Boost logo

Boost :

Subject: Re: [boost] [context] new version - support for Win64
From: vicente.botet (vicente.botet_at_[hidden])
Date: 2011-01-16 04:50:45

----- Original Message -----
From: "Oliver Kowalke" <k-oli_at_[hidden]>
To: <boost_at_[hidden]>
Sent: Saturday, January 15, 2011 9:53 PM
Subject: Re: [boost] [context] new version - support for Win64

> Am 15.01.2011 21:17, schrieb vicente.botet:
>>>> * How exceptions are propagated when calling to jump_to()?
>>> context::jump_to() doesn't throw. as noted in the docu the code jumped
>>> into via context::jump_to() must not throw
>> I don't see it on the reference part. Could you point me where it is documented?
> In the docu the interface of boost::context is described (reference
> part) - to be more correct context::jump_to() throws if the context is
> 'not-a-context'.

Where is written in the documentation that "the code jumped into via context::jump_to() must not throw"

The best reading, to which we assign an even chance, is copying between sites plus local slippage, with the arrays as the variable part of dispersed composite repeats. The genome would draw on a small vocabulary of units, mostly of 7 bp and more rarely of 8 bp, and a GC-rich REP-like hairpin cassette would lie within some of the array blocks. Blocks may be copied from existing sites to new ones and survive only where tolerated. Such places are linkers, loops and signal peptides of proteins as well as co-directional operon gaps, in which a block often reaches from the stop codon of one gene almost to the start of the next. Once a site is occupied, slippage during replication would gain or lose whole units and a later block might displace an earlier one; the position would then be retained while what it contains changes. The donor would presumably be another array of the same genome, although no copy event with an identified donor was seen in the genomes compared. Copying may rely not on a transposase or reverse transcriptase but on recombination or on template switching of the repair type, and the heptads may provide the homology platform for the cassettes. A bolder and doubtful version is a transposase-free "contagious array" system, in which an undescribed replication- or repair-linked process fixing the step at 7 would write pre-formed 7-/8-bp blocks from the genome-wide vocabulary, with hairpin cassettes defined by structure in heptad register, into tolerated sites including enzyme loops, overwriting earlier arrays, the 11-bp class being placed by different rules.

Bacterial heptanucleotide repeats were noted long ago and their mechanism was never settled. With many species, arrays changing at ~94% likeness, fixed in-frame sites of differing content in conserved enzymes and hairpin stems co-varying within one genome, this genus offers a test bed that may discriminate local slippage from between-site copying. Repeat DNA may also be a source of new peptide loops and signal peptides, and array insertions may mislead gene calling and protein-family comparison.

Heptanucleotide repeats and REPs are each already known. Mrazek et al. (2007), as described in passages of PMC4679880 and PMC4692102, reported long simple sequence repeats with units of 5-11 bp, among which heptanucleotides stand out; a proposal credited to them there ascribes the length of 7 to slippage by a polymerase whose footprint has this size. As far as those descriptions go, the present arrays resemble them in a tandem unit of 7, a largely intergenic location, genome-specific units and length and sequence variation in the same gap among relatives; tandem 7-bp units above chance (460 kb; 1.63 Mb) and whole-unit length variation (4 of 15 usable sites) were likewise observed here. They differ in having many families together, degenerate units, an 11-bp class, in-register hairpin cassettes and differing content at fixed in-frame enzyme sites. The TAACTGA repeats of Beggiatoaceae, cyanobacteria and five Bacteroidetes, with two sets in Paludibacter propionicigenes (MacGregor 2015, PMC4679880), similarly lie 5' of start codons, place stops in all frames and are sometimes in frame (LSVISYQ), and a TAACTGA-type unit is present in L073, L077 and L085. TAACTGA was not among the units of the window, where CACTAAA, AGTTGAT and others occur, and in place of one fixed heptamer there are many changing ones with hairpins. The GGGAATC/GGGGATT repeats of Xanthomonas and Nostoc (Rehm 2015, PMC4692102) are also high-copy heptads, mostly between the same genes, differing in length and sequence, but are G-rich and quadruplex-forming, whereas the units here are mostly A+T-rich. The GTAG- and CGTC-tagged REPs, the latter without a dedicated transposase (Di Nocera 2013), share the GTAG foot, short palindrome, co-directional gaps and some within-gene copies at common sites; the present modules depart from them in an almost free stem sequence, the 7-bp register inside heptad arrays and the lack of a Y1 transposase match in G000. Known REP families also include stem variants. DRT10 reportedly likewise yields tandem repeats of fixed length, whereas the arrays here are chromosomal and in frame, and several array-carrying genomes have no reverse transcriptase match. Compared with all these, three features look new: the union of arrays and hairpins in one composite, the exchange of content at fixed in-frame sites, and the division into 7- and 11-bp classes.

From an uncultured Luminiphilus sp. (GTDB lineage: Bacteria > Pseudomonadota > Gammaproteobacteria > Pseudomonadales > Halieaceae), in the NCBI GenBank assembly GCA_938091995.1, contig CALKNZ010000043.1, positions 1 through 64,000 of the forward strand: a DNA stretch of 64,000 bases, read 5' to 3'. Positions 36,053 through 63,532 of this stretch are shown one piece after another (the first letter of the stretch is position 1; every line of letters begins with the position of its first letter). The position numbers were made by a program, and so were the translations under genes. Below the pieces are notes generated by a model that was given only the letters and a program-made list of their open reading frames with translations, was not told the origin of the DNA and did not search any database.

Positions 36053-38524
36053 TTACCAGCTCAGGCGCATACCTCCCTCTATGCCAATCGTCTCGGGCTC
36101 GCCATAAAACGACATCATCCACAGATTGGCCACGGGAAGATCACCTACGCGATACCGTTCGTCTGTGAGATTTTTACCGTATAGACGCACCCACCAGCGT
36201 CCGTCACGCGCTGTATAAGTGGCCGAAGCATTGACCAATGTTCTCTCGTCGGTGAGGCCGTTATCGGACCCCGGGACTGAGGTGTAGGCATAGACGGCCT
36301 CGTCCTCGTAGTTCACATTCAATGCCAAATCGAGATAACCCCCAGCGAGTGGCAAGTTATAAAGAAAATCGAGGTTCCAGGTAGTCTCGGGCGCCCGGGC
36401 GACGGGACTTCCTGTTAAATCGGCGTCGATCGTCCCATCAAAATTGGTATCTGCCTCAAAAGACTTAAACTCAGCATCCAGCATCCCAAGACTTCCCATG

>> So if exceptions can not be propagated between contexts, how the user does with exceptions?
> maybe prevent exceptions or catch and log - the same as for threads

With the use of futures and async we can propagate exceptions now, isn't it?
Maybe your Boost.Fiber would support this kind of propagation?

>>>> * Why do you need a ::create function?
>>> to have a named ctor - default ctor creates an 'not_a_context'. This is
>>> required by the move semantics
>> This don't answer my question. Why you don't provide a constructor with the same parameters ::create has?
> for destinct/differentiate between default ctor which creates a
> 'not-a-context' and a context to which can be jumped to created by the
> named ctor context::create(). it is a question of task. I want to
> express the difference more explicit.

I don't find this more useful. I would prefer to create a context using its constructor if this is possible.
>>>> * Could you clarify your sentence "Frame-unwind-tables instead of setjmp/longjmp based exception handling must be used in order to catch exception inside called function."
>>> for instance gcc supports both strategies how exceptions are
>>> modelled/propagated. calling ::longjmp() is equivalent to throw
>>> statement. Functions written in C++ will have unwind information by default.
>> And how this translates to the user? Do the user needs to do someting specific?
> do not invoke a compiler argument which enables sj/lj-exception model

This is clear :) Sorry, I ignored this. Could the library prevents the users if this is not the case?


Boost list run by bdawes at, gregod at, cpdaniel at, john at